J.D. Wilmot, who owned the property where Wilmot Bluff Light was erected, was appointed first keeper of the light and served in that capacity until 1893.
The original light, a lantern hoisted atop a mast, exhibited a white light at a focal plane of 104 feet above high water mark. The light was partially destroyed by fire in 1882, but it was thoroughly repaired and placed back in operation.
All of the original six lighthouses built on the Saint John River were later replaced by enclosed structures. These improvements started in 1895 after some of the towers had become dilapidated and continued until 1908, when work on a new Wilmot Bluff Lighthouse was finished.
John C. Plamer, of Kars, was awarded a $1,060 contract to construct the new lighthouse – a square tower, with sloping sides, surmounted by a square wooden lantern. The lighthouse stands on a cribwork foundation and measures forty-two feet from its base to the top of the ventilator on its lantern.
The original location of Oromocto Shoal Lighthouse, situated just downstream from Wilmot Bluff, was changed when a new tower was built there in 1895. Vessels bound up the river could steer for Oromocto Shoal Light as soon as they cleared Middle Island shoal and keep that course until past the south end of the Oromocto Island. At that point, they then followed the trend of Oromocto Island in mid-channel, until they brought Oromocto light astern and steered toward Wilmot Bluff Light. Vessels bound down the river simply reversed these directions. Wilmot Bluff and Oromocto Shoal Lights thus served as range lights for this narrow section of the river.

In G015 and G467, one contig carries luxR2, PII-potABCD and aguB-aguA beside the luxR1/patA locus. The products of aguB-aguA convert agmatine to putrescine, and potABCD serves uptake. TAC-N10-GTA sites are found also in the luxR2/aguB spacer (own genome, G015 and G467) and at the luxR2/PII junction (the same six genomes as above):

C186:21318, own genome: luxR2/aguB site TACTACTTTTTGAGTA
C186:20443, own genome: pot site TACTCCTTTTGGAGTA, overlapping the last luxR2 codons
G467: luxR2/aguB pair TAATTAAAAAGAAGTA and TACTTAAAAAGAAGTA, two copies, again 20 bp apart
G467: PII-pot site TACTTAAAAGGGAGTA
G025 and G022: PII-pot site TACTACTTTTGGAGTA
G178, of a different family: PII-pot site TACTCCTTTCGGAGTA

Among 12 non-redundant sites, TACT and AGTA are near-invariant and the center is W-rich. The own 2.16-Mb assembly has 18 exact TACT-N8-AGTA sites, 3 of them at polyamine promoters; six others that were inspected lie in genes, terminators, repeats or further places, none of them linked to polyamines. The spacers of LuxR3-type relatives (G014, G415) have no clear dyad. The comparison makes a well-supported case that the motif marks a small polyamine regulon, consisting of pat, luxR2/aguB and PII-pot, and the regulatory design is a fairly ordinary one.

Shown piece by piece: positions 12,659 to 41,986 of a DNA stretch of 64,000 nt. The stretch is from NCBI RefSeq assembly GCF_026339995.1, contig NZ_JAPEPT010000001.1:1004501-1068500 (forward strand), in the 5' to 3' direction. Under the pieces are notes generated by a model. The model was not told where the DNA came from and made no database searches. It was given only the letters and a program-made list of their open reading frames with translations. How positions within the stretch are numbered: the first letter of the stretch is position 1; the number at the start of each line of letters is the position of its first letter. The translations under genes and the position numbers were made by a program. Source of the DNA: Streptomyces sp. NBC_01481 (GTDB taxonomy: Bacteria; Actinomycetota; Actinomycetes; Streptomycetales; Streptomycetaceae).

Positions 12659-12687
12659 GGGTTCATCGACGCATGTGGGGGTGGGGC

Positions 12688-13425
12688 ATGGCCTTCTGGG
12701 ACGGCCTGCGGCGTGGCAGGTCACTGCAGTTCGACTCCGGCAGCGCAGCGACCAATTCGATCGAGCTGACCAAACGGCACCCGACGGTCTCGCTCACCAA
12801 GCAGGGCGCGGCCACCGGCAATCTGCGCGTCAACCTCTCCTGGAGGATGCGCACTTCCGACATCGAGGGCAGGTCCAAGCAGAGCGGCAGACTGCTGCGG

Wilmot Bluff Lighthouse was decommissioned in 1967, and today it is barely visible from the water. Indeed, it is hard to believe that it is still in its original location.
Clarence Gillies was the last keeper of the light and served from 1949 to 1967. When the lighthouse was decommissioned, he expressed an interest in purchasing it, however the government favored having the tower moved. In June of 1969, the lighthouse was instead sold for $604 to Gillies' son-in-law, B. Napier Simpson, who planned to cut it into three sections and move it to Ontario. This plan proved too costly, and after six months the government threatened legal action as the agreement had been to either remove the lighthouse or reduce its height by 15’ so as not to confuse mariners (this amounted to removal of the lantern).
Mrs. Gillies, whose husband Clarence had unfortunately passed away by this time, was very upset by the thought of the lighthouse being demolished or blemished so in the end the government agreed to let the lighthouse remain where it was. Napier signed ownership of the tower over to his mother-in-law who in turn signed it over to her son Gerald Gillies.
In February of 1970, the Superintendent of Lights inspected the property and agreed that Gerald Gillies could in fact keep the lighthouse intact at its original location if it were maintained in good condition. Ironically by this time the new skeletal tower that had replaced the lighthouse was already declared surplus as well.
Gerald and his wife Jo have maintained the lighthouse in a reasonable manner doing a bit of maintenance work each year. While some sections of the tower may be in need of paint, the grounds surrounding the light are always maintained in a park-like manner.
Keepers: J.D. Wilmot (1869 – 1893), Sara Wilmot (1893 – 1896), Henry Wilmot (1896 – 1899), John Howard True (1899 – 1916), C.T. Wilmot (1916), Henry Wilmot (1917 – 1920), C.F. Wilmot (1921 – at least 1923), Clarence Gillies (1949 – 1967).